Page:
Picturestart and Ghetto Film School (GFS) have announced the winners of their “Discover Your Voice” fellowship contest.
The winning projects come from filmmakers Zenzele Ojore (grand prize), Danni Juhl (first prize) and Jenna Anderson and Mags Chamberlain (second prize), who were rewarded with prize money totaling $21,000.
“Together with Ghetto Film School, we were inspired to establish this fellowship to discover, elevate and celebrate emerging voices that are shaping the future of filmmaking,” stated Picturestart founder and CEO Erik Feig and company president Samie Kim Falvey. “The experience itself was eye-opening to the caliber of storytelling these young filmmakers are creating and we are excited to acknowledge Zenzele, Danni, Jenna and Mags for their incredible work.”
Ojore’s “The South Is My Sister’s Skin” was awarded the $10,000 grand prize. Set in “the belly of the American South,” according to official logline, the film follows “two Black sisters from childhood to adulthood; as one of them struggles to reconcile with the past, the other attempts to forget.”
Juhl accepted the $5,000 first prize for “Daysleeper.” The logline states: “After her rural Wisconsin town is flattened by a tornado, a high schooler enlists her classmates to help find her missing best friend. As each of them is forced to relive the tragedy, they begin to unearth a secret even darker.”
Anderson and Chamberlain collected $3,000 each for second-prize winner “Even Her Name.” The film centers on a young trans woman who “finds herself on the precipice of a pivotal rebirth,” as the logline describes, “after a phone call from her estranged mother brings her back home to unexpected family dynamics.”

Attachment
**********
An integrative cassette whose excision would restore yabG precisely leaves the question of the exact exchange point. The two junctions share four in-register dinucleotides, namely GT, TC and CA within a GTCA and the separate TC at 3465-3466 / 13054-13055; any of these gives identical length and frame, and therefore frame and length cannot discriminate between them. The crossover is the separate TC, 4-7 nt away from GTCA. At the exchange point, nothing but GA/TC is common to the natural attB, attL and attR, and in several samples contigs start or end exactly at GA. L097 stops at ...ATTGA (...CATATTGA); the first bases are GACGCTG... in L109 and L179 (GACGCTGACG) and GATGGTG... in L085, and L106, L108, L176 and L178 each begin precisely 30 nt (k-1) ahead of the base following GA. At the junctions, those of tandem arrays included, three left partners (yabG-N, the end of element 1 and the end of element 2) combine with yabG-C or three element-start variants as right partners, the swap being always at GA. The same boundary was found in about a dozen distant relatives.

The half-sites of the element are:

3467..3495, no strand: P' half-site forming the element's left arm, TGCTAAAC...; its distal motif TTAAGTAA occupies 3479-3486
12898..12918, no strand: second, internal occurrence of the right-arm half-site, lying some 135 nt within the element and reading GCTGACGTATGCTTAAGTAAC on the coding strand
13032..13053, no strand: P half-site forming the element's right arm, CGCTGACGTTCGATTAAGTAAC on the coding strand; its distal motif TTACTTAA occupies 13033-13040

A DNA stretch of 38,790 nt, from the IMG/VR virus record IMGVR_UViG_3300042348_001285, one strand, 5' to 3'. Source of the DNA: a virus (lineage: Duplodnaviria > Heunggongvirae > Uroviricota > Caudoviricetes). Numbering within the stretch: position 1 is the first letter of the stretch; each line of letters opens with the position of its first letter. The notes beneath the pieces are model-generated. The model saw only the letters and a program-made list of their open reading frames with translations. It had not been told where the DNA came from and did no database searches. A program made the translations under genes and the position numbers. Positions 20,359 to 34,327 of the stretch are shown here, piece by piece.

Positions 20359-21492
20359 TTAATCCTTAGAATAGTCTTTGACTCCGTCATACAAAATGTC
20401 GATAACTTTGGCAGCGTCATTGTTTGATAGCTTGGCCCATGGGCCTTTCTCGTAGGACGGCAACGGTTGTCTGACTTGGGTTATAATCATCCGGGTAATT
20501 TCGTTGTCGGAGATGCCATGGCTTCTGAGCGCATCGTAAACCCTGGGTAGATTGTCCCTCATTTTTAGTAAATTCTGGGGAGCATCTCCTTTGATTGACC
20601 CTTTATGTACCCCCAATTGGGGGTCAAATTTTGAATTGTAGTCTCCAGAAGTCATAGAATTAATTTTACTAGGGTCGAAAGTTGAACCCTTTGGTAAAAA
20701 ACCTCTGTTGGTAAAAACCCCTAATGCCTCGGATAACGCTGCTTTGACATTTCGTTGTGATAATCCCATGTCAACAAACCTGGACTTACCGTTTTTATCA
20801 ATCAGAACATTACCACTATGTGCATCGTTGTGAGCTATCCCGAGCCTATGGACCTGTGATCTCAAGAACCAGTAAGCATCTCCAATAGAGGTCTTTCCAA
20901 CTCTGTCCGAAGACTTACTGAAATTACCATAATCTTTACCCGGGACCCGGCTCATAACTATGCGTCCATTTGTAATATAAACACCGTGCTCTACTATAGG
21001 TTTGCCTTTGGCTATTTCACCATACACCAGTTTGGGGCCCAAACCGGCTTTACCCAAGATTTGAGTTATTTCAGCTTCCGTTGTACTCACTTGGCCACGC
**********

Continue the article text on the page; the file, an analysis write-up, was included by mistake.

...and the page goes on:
Noted GFS CEO Montea Robinson: “We are incredibly proud of our GFS Roster Members Zenzele Ojore, Danni Juhl, Jenna Anderson and Mags Chamberlain for their success in the Discover Your Voice Fellowship contest. The Picturestart team have been incredible partners throughout the course of this fellowship, and diligent mentors to our students.”
Launched in December 2021, the contest focused on finding emerging writers, directors and filmmakers “telling universal stories anchored in discovery of voice,” with Picturestart and Ghetto Film School soliciting submissions for “self-portrait videos” that reflected the filmmakers’ identity and how they found their voice and community.
Ten fellows were selected for the program, which began in May. The budding filmmakers were partnered with a creative at Picturestart, who served as a mentor, helping to develop their submission idea into a pitch presented to a panel of industry professionals, as well as representatives from GFS and Picturestart.
The “Discover Your Voice” program was overseen by Neha Gandhi, Picturestart’s former EVP, digital and strategy and Amy Lapides, on behalf of Ghetto Film School. The contest marked the second collaboration between Picturestart (with recent titles including “Unpregnant,” “Am I OK?,” “Cha Cha Real Smooth” and “Luckiest Girl Alive”) and the nonprofit Ghetto Film School, following their collaboration on “The Binge Collection,” a assortment of cozy merchandise, the proceeds of which were donated to GFS.
[Pictured, clockwise: Zenzele Ojore, Danni Juhl, Jenna Anderson and Mags Chamberlain]